ENGL 537 w/ C LIT 549
Professor Monika Kaup
Latinx Literature and the Problem of Realism
As a mode facilitating the serious treatment of ordinary people and their lifeworlds, realism is associated with the humanist or left-wing democratization of literature and culture. As such, realism has long been the dominant mode of Latinx literature, notable for its strong working-class and non-elite, popular orientation. This seminar asks: how have U.S. Latino/a writers “done” realism from the 19th-century to the present? We will be reading four representative works: María Amparo Ruiz de Burton’s The Squatter and the Don (18885), Américo Paredes, George Washington Gómez (1930s; 1990), Rudolfo Anaya, Bless Me, Ultima (1972), and Francisco Goldman, The Ordinary Seaman (1997) that examine Latino contributions to the genre, focusing on their unique resolutions of what Fredric Jameson calls the (shifting) “antinomies of realism” at various landmark moments of this literary mode: classical 19th-century realism (realism vs. romance); early 20th-century realism at its dissolution (realism vs. modernism); post-WW II magical realism (the American marvelous real vs. postmodernism); and the phenomenon of contemporary neo-realism after postmodernism. We will ask questions such as: What position do Latinx authors take on what counts as “real/ism”? Can we rely on our senses, or do we need to turn to facts, or possibly theories about hidden causes and social structures? Can reality be grasped from a single perspective, or is it necessary to take a bird’s eye view? To what extent can Latinx realism be theorized as “peripheral realism” within a literary world-systems framework? What contributions and innovations have Latinx writers (a minoritized and racialized population rather than a nation) introduced to this narrative mode originating in the Enlightenment quest for rational knowledge and the rise of the European nation-state?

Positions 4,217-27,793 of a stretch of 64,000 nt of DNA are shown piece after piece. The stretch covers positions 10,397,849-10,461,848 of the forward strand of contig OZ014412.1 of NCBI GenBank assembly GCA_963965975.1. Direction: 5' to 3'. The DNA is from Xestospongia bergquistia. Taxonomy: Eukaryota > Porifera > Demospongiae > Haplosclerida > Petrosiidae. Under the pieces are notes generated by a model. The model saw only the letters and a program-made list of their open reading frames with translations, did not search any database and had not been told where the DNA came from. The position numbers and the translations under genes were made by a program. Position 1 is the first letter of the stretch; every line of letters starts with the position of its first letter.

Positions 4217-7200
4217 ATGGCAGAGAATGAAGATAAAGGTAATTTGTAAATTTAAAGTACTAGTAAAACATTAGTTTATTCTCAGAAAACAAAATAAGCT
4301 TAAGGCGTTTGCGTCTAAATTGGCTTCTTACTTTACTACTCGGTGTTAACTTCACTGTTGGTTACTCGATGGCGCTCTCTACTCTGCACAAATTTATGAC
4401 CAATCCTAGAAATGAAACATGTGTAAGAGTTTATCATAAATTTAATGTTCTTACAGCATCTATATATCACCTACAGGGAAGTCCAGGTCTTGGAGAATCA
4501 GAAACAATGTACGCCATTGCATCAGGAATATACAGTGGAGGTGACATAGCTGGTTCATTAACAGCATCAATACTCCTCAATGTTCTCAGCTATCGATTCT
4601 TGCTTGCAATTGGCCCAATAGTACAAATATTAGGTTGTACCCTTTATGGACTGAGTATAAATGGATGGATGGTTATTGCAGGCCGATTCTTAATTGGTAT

The persistence of literary realism after its supposed obsolescence at the end of the 19th century also demonstrates that the concept of realism as such needs to be revisited. Realism is not naïve, as suggested by modernist/poststructuralist/postmodern polemic. 19th-century realist writers actually introduced a whole range of new formal techniques that transformed the literary landscape. We need a new concept of literary realism that recognizes the inherent creativity of language as world-making. It is true that literary realism is impossible in an absolute sense because it is premised on the false assumption of unmediated representation of external reality. In fact, many self-declared realists (from the 19th century to the present) were/are writing against the inevitable conventionality of language that they knew/know vitiates any pursuit of unmediated truth. Realism is both an aesthetic and a critical problematic; the understanding of the latter (not the former) is flawed. The existing concept of the real (“old” realism) is identical with the modern scientific and reductionist notion of the real, according to which only material things are irreducibly real, whereas social and mental phenomena (think: literature, mythology, art) as dismissed as fabricated and fictitious. The reductionist modern scientific notion of the real has always been inadequate for the singular reality of the objects of the study of the humanities.
Required course materials:
Primary texts: Maria Amparo Ruiz de Burton, The Squatter and the Don; Américo Paredes, George Washington Gómez; Rudolfo Anaya, Bless Me, Ultima; Francisco Goldman, The Ordinary Seaman; Pam Morris, Realism
a Course Reader with required secondary readings.